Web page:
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Troops from the Queen's Royal Lancers (QRL) stepped into their leaders' boots as part of an innovative training exercise on Salisbury Plain.
The month-long Exercise Fondouk Lancer 13 saw troops carrying out training roles a rank above their own as manoeuvres tested the ability of troops and squadrons to carry out both mounted and dismounted reconnaissance tasks.
With a squadron soon to be part of the British Army’s interim lead armoured battle group, and with an upcoming tour to British Army Training Unit Suffield in Canada for the regiment next summer, this training was vital in confirming the firm foundations of reconnaissance soldiering after QRL’s success in Afghanistan during Operation Herrick 17.
Over 300 soldiers and some 40 Scimitar and Spartan tracked reconnaissance vehicles took part in the exercise, which comprised both mounted (in-vehicle) and dismounted (on foot) phases.
Troops were taught on a range of subjects, from route reconnaissance patrols to observation posts, with time allocated for rehearsals prior to putting into practise what they had learnt.
Troops also received innovative training that was designed to challenge them, as well as giving them the experience of working at the next level. It also allowed them to understand the challenges that the next-in-command face.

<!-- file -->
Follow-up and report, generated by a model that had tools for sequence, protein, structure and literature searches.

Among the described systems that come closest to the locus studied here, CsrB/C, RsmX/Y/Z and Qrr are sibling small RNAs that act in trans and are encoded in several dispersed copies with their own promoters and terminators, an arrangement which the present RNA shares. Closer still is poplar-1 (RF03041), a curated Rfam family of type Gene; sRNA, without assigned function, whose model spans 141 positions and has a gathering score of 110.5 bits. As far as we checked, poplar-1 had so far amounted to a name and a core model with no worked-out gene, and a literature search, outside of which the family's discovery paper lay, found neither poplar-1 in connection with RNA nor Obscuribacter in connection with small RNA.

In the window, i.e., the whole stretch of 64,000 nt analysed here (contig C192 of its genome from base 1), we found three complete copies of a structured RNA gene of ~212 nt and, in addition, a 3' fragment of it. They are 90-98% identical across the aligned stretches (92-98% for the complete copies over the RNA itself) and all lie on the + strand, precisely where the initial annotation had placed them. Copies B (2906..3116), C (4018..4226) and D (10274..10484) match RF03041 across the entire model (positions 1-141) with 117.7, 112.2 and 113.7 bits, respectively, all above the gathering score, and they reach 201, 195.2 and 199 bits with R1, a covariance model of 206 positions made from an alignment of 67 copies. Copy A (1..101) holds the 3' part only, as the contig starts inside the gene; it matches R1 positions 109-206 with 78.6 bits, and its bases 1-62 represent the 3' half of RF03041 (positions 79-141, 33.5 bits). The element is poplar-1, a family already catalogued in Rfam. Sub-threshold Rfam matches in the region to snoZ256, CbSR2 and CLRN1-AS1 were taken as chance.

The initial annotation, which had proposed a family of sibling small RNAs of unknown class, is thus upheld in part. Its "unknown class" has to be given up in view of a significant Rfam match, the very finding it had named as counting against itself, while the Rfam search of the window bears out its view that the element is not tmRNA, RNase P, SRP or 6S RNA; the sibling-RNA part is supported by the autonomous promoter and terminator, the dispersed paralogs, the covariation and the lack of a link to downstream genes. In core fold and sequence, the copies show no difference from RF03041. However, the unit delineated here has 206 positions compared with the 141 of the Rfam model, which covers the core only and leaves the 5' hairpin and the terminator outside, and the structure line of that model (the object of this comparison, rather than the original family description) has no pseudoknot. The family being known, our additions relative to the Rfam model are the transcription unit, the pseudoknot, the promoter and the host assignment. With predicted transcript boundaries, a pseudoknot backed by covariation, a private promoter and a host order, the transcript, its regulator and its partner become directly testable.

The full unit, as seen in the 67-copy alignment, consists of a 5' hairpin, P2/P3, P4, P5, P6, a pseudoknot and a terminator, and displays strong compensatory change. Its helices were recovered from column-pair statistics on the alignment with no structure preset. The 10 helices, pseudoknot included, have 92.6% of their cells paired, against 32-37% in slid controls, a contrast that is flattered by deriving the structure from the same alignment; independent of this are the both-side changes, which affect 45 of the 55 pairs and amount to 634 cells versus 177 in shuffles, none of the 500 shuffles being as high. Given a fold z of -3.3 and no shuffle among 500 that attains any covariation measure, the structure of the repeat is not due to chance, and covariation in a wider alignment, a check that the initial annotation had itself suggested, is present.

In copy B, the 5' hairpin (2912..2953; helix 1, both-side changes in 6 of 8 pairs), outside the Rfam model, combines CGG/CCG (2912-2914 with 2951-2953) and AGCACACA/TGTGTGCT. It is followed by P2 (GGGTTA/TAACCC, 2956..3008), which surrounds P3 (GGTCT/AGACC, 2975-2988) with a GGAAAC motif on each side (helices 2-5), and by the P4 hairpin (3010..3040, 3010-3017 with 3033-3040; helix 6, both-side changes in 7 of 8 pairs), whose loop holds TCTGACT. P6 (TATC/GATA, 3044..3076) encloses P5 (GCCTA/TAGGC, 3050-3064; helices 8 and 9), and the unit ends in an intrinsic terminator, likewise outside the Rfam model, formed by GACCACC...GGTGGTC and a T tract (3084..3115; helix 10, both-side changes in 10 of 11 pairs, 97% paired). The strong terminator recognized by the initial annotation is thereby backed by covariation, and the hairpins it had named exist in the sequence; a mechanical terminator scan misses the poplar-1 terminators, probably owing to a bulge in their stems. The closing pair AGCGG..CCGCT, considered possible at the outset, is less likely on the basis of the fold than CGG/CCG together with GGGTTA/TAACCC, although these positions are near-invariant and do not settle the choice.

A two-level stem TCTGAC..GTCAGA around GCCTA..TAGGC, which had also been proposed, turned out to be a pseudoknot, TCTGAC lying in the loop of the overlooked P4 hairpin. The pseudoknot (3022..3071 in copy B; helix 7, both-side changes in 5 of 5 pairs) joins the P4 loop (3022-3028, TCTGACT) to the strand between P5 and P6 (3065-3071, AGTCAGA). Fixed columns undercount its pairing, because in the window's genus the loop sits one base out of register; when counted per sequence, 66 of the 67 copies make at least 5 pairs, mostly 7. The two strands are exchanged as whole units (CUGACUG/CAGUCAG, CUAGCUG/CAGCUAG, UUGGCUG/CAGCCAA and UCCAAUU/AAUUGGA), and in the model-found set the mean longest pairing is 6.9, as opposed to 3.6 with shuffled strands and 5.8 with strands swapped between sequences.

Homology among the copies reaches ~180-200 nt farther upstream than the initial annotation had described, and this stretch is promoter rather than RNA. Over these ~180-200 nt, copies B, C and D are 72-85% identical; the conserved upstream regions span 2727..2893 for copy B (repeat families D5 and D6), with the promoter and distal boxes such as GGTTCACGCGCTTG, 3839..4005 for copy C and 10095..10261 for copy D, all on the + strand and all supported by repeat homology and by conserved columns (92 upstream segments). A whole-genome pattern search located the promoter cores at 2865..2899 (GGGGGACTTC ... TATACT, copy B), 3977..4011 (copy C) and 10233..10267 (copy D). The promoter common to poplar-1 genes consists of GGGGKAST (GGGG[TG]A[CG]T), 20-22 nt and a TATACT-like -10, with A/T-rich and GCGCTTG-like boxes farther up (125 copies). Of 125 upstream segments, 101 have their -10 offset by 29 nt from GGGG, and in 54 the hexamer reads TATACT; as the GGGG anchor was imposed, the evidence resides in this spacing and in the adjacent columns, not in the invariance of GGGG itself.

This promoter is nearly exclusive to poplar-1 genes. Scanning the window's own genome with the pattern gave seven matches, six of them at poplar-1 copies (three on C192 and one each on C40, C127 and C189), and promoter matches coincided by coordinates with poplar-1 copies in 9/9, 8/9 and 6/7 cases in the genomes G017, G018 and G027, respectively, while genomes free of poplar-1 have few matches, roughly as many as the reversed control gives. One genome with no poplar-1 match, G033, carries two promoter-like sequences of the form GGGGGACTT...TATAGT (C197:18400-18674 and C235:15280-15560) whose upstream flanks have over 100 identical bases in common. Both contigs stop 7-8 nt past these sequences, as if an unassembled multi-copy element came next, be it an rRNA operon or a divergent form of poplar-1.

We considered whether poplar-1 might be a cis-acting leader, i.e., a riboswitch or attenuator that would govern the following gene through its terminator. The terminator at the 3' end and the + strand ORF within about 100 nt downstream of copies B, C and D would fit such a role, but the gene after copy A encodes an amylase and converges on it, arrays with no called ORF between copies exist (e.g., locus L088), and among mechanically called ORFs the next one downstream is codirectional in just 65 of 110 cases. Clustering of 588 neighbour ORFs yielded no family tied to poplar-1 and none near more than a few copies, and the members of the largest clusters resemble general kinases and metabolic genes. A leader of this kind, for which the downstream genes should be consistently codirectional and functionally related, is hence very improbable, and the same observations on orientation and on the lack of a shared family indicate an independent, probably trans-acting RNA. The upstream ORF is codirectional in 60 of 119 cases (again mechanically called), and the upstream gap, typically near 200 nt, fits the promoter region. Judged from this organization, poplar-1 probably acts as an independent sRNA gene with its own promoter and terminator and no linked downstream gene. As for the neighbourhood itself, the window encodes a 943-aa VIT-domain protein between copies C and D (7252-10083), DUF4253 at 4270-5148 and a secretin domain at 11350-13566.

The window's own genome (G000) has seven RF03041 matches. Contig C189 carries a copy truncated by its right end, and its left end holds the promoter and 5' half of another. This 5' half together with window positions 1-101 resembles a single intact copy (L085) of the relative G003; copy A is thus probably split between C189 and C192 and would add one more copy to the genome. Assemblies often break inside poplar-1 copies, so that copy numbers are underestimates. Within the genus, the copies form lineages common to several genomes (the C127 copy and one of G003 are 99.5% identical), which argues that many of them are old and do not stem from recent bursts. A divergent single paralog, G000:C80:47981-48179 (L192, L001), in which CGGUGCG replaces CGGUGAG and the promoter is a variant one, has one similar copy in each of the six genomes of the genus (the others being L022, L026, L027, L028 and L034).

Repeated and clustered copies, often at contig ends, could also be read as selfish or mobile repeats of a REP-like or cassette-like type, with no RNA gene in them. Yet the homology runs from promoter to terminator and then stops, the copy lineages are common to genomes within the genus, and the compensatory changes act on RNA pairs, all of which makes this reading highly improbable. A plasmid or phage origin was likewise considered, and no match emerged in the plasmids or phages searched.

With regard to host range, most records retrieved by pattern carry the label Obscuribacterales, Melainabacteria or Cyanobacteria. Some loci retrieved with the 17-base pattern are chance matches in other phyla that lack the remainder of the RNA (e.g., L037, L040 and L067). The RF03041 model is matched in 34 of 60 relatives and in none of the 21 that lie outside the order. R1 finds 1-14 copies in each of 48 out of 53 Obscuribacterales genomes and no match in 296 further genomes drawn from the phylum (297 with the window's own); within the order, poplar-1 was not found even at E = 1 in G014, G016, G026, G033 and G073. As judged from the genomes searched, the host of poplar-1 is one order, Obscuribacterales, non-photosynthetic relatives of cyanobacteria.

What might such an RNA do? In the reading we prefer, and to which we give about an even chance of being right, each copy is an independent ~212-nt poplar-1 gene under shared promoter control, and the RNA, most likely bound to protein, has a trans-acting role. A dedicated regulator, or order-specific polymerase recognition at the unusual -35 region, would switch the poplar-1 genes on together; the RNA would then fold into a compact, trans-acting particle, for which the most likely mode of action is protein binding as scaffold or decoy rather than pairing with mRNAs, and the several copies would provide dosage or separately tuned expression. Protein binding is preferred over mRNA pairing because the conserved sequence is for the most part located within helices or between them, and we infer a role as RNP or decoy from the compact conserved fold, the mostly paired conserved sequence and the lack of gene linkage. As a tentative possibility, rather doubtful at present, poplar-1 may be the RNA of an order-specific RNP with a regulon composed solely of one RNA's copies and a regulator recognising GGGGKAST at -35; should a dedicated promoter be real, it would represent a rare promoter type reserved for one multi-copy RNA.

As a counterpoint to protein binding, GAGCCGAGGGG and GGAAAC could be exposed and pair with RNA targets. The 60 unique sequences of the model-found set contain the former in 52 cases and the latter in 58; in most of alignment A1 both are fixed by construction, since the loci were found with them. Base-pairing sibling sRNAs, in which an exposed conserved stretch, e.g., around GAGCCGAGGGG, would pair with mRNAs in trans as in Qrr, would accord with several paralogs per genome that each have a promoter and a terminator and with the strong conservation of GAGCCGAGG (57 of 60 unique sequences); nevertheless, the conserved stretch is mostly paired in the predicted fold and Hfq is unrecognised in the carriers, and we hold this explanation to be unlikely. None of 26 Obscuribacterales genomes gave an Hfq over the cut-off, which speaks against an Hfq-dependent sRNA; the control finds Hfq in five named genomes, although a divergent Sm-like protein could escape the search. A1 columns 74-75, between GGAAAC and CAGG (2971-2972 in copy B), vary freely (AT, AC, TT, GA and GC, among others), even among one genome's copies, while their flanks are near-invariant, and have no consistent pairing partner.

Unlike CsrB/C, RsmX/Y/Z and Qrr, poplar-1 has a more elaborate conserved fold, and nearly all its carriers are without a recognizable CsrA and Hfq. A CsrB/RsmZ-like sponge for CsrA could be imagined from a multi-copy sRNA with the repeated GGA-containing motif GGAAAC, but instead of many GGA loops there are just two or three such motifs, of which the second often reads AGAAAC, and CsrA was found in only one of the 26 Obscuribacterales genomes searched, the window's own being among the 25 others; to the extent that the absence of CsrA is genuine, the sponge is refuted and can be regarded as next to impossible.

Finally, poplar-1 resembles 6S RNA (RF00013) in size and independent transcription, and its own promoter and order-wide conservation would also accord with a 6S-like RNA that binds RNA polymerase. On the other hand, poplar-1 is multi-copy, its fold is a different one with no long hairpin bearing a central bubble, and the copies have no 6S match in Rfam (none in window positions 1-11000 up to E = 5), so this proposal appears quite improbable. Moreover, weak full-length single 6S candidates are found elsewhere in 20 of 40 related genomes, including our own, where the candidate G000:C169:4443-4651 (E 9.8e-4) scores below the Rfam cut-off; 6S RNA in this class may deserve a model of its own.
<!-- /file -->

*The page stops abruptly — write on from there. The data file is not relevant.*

In addition, soldiers took part in original troop-versus-troop exercises, designed to make training competitive and more exciting.
Major Alex Bowie, Officer Commanding D Squadron QRL, said:
The exercise has been fantastic. We have been practising some core reconnaissance skills and have put all of the troops through their paces in new, and what we believe are innovative, ways.
We’ve made the training different to what the troops may have been accustomed to to really test the soldiers, but also to ensure that they remain receptive and learn. We couldn’t have asked for more from Salisbury Plain Training Area – it has provided the perfect backdrop for all this to take place.
The soldiers were also challenged in delivering core skills in novel ways. Netheravon Airfield was selected as a target for the observation post phase.
The exercise took place over Salisbury Plain, from Warminster to Bulford, and used locations such as Copehill Down, Westdown Camp and Imber village for both real-life support and for delivery of the training scenario.
Lieutenant Colonel Mark Hiskett, Principal Training Safety Officer, Defence Infrastructure Organisation (DIO) Operations Training South West, said:
DIO’s priority is to support our Armed Forces as they prepare for operations. Salisbury Plain is a large and diverse training area and is ideal for exercises such as Fondouk Lancer 13.
We are pleased to be able to offer the environment and facilities that enable our military personnel to hone their skills in new and innovative ways.
Salisbury Plain Training Area
Salisbury Plain Training Area is maintained by the DIO, which delivers the training service, enabling defence training users to live, work, train and deploy at home and overseas.
At over 38,000 hectares (94,000 acres), Salisbury Plain is the UK’s largest training area and offers first-class and diverse training facilities to enable the British Army to meet its training requirements to prepare for operations worldwide.